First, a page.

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Version 1.04 as of 21.5.2004 (16:30 EET)
PhD dissertation may be either a monograph or a collection of refereed articles (plus a summary). The articles might be published either on a scientific journal or in conference proceedings with a similar editorial an refereeing process.
Journals may accept longer articles than conferences and often more space would be needed to treat research results properly. The quality standards among conferences vary.
There are a few reasons why PhD students should base their dissertations on a collection of articles rather than writing a monograph: (1) It is faster, therefore one does not lose the value of contributions because someone else produces similar results. (2) The PhD student and the supervisor can follow up the progress and the completion of the full PhD dissertation. (3) The student gets feedback from independent experts in addition to the supervisor.
In some previous discussions in smaller circles, it has been understood that there is a bottleneck in the availability of existing LT journals. There are too few journals and it takes too long a time for any article to be published. Not all good manuscripts would fit in.
On the other hand, there are lots of conferences around, and it is fairly easy to find suitable meetings, but submitting a paper to a conference assumes the participation, and often substantial costs because of travelling and accommodation. The deadlines or conferences are arbitrary, and might not suit to the schedules of PhD students.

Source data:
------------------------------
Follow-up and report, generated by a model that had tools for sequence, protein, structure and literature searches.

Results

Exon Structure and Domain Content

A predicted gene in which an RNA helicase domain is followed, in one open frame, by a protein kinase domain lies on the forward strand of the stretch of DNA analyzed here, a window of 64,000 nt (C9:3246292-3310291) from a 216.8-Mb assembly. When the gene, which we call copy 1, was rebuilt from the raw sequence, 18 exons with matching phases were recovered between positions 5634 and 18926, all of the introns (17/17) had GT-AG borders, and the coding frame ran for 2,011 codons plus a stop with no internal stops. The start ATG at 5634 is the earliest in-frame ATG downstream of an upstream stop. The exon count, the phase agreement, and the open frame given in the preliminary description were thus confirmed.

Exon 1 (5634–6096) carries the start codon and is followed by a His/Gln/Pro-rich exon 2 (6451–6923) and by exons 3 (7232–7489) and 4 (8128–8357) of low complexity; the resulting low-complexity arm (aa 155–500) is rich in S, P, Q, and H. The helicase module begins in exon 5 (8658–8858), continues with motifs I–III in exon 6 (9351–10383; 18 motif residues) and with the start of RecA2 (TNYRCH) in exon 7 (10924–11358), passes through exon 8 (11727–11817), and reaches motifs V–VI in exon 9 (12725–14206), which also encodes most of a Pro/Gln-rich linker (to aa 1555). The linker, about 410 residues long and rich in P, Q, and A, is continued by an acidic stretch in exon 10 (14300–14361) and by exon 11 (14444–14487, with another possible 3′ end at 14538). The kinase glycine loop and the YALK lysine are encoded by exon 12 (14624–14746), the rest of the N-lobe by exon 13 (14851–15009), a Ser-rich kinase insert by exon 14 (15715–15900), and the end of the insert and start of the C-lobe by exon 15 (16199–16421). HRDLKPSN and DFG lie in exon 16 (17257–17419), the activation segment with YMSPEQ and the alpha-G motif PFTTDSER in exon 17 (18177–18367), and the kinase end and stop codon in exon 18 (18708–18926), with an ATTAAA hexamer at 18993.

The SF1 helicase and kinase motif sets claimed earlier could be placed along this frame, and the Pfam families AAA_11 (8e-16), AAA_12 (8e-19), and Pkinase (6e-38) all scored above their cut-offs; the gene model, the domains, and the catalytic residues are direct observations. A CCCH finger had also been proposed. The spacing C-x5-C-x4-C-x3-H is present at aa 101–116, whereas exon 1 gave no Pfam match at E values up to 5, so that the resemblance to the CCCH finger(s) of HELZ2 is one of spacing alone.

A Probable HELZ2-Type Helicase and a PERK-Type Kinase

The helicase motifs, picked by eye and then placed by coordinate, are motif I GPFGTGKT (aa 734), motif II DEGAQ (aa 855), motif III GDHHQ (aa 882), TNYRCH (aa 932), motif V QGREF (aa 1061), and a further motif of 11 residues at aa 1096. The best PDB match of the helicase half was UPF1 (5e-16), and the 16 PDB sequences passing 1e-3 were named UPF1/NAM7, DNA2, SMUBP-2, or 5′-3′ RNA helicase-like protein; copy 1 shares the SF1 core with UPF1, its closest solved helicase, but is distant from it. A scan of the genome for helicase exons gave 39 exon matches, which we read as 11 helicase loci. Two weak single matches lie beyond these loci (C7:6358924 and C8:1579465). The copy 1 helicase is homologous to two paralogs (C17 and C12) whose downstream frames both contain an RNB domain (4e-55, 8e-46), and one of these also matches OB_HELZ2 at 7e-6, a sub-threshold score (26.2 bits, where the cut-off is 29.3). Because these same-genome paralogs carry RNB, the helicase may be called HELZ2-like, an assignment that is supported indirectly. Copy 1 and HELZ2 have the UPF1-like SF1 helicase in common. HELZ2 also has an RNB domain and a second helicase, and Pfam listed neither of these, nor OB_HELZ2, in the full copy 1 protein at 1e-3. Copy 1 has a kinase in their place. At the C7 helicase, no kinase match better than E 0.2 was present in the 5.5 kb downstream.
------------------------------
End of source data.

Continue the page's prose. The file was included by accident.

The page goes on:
In addition to the PhD students who might need a journal, the NGSLT, fortunately, has some vital resources, most notably the supervisors of these students and the departments where they work. The supervisors, obviously, have an interest in the successful completion of the dissertations and they are exactly the same persons who can act as referees and domain editors in journals.
Assuming that the NGSLT is an attractive choice for PhD students because of its course offerings, students would like to enroll to the NGSLT. This enrolling might assume that the supervisor makes some commitment of volonteering for the refereeing process.
Please, have a look at material discussing so called open access publishing in the net, eg. the Budapest Open Access Initiative where practical issues of electronic publishing are discussed and lots of pointers are given to existing electronic journals. The Open Access Journal Business Guides treat the economic and other aspects or running an electronic journal.
There is more than enough material about open access publishing in the web. See a short bookmark file on the topic.
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